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Claims made in ‘Yes for Life’ ad around KY abortion vote are misleading. Here’s the reality.

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This article is cross-posted with permission from the Herald-Leader. Read the original here.

A group that supports changing the Kentucky Constitution to ensure there is no protected right to abortion or the funding of abortions has aired its first television ad.

With less than three weeks to go until the November 8 election, the first TV ad from Yes For Life, a campaign urging a “yes” vote on Constitutional Amendment No. 2, is going for shock value.

The 30-second voice over commercial begins, “radical, out-of-state activists want to spend YOUR tax dollars on late-term abortions even up to the moment of birth.”

Featuring pictures of pro-abortion rights protesters holding signs, some of which are handwritten and others from Planned Parenthood, that read, “Bans off our bodies,” and “Keep yo filthy laws off my silky draws,” the ad tells viewers, “This November, you can stop them by voting Yes on Amendment 2, which stops taxpayer-funded, late-term abortions.”

The ad, which hit airwaves Monday, then transitions to a close-up shot of a baby’s feet, then a toddler blowing out her birthday candles. The ad tells viewers that a “yes” vote is a “reasonable, common sense vote.”

The 30-second spot relies on conservative buzzwords and phrases that are aimed at grabbing viewer attention but are ultimately misleading and inaccurate.

Debunking the commercial

The “radical, out-of-state activists” the ad references are likely Planned Parenthood and the American Civil Liberties Union, which have funneled nearly $1.4 million into Protect Kentucky Access, the opposing campaign aiming to defeat the constitutional amendment. Protect Kentucky Access has raised five-times as much money as Yes For Life.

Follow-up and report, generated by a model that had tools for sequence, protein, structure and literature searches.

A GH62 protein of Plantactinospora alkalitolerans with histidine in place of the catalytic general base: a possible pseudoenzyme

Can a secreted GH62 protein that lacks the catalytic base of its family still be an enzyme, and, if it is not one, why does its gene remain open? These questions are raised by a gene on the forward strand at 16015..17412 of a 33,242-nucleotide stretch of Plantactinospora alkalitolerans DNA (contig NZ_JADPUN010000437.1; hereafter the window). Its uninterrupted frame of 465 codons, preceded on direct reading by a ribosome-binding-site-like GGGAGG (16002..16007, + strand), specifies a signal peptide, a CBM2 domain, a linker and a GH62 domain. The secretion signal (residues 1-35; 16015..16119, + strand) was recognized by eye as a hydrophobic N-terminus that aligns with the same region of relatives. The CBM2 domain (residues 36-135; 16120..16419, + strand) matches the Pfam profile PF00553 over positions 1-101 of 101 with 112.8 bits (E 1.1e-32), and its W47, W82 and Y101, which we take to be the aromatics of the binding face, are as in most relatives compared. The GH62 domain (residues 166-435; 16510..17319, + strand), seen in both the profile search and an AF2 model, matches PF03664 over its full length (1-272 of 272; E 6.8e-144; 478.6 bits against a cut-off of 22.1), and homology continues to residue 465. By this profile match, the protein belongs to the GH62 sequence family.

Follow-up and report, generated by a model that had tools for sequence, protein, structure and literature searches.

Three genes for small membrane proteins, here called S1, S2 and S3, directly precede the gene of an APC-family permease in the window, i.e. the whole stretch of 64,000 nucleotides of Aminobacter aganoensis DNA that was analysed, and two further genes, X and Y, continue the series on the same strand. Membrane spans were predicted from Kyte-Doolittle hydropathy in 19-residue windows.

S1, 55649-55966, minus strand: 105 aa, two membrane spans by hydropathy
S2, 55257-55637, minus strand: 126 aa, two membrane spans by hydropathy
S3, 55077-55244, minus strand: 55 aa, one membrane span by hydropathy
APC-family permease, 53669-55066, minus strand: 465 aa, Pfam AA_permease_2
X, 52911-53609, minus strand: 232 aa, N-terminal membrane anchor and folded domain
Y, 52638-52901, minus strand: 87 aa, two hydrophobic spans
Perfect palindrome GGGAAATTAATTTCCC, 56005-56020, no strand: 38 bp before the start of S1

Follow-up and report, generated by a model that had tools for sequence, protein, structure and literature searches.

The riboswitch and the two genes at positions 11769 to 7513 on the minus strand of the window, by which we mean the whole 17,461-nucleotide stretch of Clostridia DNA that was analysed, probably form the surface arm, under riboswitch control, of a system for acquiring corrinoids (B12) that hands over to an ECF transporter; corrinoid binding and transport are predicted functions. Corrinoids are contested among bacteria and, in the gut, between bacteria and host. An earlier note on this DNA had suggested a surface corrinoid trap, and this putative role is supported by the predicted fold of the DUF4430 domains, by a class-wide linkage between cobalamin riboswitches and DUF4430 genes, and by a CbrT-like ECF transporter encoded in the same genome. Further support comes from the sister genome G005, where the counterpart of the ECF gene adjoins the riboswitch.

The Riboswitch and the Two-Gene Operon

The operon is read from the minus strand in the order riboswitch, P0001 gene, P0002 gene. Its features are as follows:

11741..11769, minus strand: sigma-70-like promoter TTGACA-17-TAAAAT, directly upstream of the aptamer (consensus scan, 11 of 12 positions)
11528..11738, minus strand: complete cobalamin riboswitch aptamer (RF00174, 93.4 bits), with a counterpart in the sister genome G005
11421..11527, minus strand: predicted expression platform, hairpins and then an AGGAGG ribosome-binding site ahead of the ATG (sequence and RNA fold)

But much of Yes For Life’s first ad, relying on charged phraseology often peddled by conservatives, is misleading and inaccurate.

“Late-term abortion” typically refers to an abortion at roughly 21 weeks of pregnancy. Rarely, and typically only for medically-necessary reasons, are abortions provided later than that. Late-term abortions “even up to the moment of birth,” is largely a misnomer.

In Kentucky last year, 26 of the 4,441 total abortions provided — or about .6% — were at 21 weeks of pregnancy, according to the state Office of Vital Statistics. There were no other abortions reported at a later stage of pregnancy in 2021. Of the 18,614 total abortions reported in Kentucky since 2017, 13 were at or beyond 22 weeks of pregnancy.

The ad also urges a “yes” vote to stop “taxpayer-funded abortions” — something that is already illegal under Kentucky law and regulated by federal law. The Hyde Amendment bars the use of federal aid programs, like Medicaid, to pay for abortion.

When the Legislature passed an omnibus anti-abortion bill this year over Gov. Andy Beshear’s veto, it codified into law this prohibition: “Public agency funds shall not be directly or indirectly used, granted, paid or distributed to any entity, organization, or individual that performs, induces, refers for, or counsels in favor of abortion.”

Simply stated, according to House Bill 3, “public agency funds shall not be used for the purpose of obtaining an abortion or paying for the performance of abortion.”